How to create a Network Bridge in Windows 8 | 7

A Network Bridge is a hardware or a software, that connects two or more networks – maybe one a wired one and the other a wireless one – so that they can communicate with each other. If you have two (or more) networks running, one using a cable and the other say, a Wi-Fi network, then computers using a wired or the wireless network, will be able to communicate with only those computers running the same type of network. To make all computers communicate with each other, you will have to create a Network Bridge.

Create a Network Bridge in Windows 8

The Windows operating system allows you to create a network Bridge easily, natively. On any given computer, you can create only one Network Bridge on a computer, but this bridge will be able to handle many connections.

To create a Network Bridge, type ncpa.cpl in Run box and hit Enter to open Network Connections. Alternatively you can via Control Panel open Network and Sharing center and from the left panel select Change Adapter settings.

Create a Network Bridge in Windows How to create a Network Bridge in Windows 8 | 7

To create a Network Bridge, you must select at least two LAN or High-Speed Internet connections, that are not being used by Internet Connection Sharing. Select two or more network connection that you want to add to the bridge. As an example, I have selected randomly any two, in the image above.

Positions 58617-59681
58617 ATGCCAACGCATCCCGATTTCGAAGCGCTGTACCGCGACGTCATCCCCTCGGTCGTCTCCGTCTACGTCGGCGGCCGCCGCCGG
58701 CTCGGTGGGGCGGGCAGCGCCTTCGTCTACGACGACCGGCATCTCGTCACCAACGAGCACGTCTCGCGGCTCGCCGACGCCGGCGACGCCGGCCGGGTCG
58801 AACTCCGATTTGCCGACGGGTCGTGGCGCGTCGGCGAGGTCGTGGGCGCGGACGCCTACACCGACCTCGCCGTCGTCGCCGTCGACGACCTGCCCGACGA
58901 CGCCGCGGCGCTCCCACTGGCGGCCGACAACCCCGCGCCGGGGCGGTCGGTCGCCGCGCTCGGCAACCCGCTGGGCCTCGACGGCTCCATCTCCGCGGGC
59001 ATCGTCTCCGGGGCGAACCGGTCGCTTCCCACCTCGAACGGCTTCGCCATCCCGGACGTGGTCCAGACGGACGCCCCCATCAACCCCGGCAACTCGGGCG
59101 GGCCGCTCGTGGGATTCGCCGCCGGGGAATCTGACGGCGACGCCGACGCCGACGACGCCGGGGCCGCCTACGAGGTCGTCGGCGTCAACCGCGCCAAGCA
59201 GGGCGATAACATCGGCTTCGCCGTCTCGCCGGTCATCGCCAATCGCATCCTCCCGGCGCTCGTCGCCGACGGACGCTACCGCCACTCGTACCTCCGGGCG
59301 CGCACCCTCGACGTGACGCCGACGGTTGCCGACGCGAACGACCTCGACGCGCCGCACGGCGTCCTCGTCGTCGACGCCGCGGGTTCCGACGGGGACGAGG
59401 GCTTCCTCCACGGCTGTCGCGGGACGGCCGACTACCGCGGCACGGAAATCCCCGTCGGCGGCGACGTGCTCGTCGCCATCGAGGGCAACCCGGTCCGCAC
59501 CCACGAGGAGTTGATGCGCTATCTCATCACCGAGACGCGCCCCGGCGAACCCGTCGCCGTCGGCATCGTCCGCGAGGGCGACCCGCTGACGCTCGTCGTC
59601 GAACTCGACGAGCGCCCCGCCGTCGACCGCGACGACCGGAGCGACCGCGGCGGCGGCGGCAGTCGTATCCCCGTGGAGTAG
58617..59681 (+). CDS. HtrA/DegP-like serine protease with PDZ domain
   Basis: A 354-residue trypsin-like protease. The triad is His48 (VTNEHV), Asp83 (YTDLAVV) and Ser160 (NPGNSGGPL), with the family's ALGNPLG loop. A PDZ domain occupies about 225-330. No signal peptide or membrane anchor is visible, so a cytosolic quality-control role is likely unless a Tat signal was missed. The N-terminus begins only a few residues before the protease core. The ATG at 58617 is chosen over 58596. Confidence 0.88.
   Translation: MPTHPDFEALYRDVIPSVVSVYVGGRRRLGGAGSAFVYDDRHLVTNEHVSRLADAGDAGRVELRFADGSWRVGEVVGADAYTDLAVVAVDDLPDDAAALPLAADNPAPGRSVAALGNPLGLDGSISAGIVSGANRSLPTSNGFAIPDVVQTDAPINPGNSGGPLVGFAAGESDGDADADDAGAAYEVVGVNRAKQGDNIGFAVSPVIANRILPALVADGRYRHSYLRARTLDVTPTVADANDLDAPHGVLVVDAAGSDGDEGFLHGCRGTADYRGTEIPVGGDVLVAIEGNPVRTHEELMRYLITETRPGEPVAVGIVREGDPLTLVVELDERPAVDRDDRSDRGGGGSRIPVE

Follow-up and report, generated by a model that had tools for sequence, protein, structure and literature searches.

Right-click on any one of the selected network connections and select Bridge Connections.

You will see a message:

Please wait while Windows bridges the connection.

Once done, the Network Bridge will be created.

You should never create a bridge between an Internet connection and a network connection because it creates an unprotected link between your network and the Internet. This can make your network accessible to anyone on the Internet, which is not good from a security point of view.

Hope this helps!

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Anand Khanse aka HappyAndyK is an end-user Windows enthusiast, a Microsoft MVP in Windows, since 2006, and the Admin of TheWindowsClub.com. Please create a System Restore Point before trying out any software & be careful about any third-party offers while installing freeware. Add me on Google+.
  • DuaneM

    “If you have two (or more) networks running, one using a cable and the other say, a Wi-Fi network, then computers using a wired or the wireless network, will be able to communicate with only those computers running the same type of network. To make all computers communicate with each other, you will have to create a Network Bridge.”

    If the 2 networks are on different subnets then yes, this would be true. The average home user does not usually have that type of setup as the wireless AP and Switch are quite often on the same device and the wired network will communicate just fine with devices on the wireless network.

  • Gavin van der Merwe

    @Duane – Think you have missed the point here. The are two entirely separate networks with separate devices!

  • DelRay_666

    Is this not a adapter bridge, not a network bridge. I have two networks with two separate SSIDs that I would like to bridge.

  • jonnyringo

    Yeah, I want to do the same thing, sort of.. I have two networks and I don’t want all of the devices to access both, but I want 1 or 2 (with two NICs installed) to be able to use both networks at the same time without switching network adapters on and off. Would I have to use an ip that works on both? Set up both networks with the same network address?

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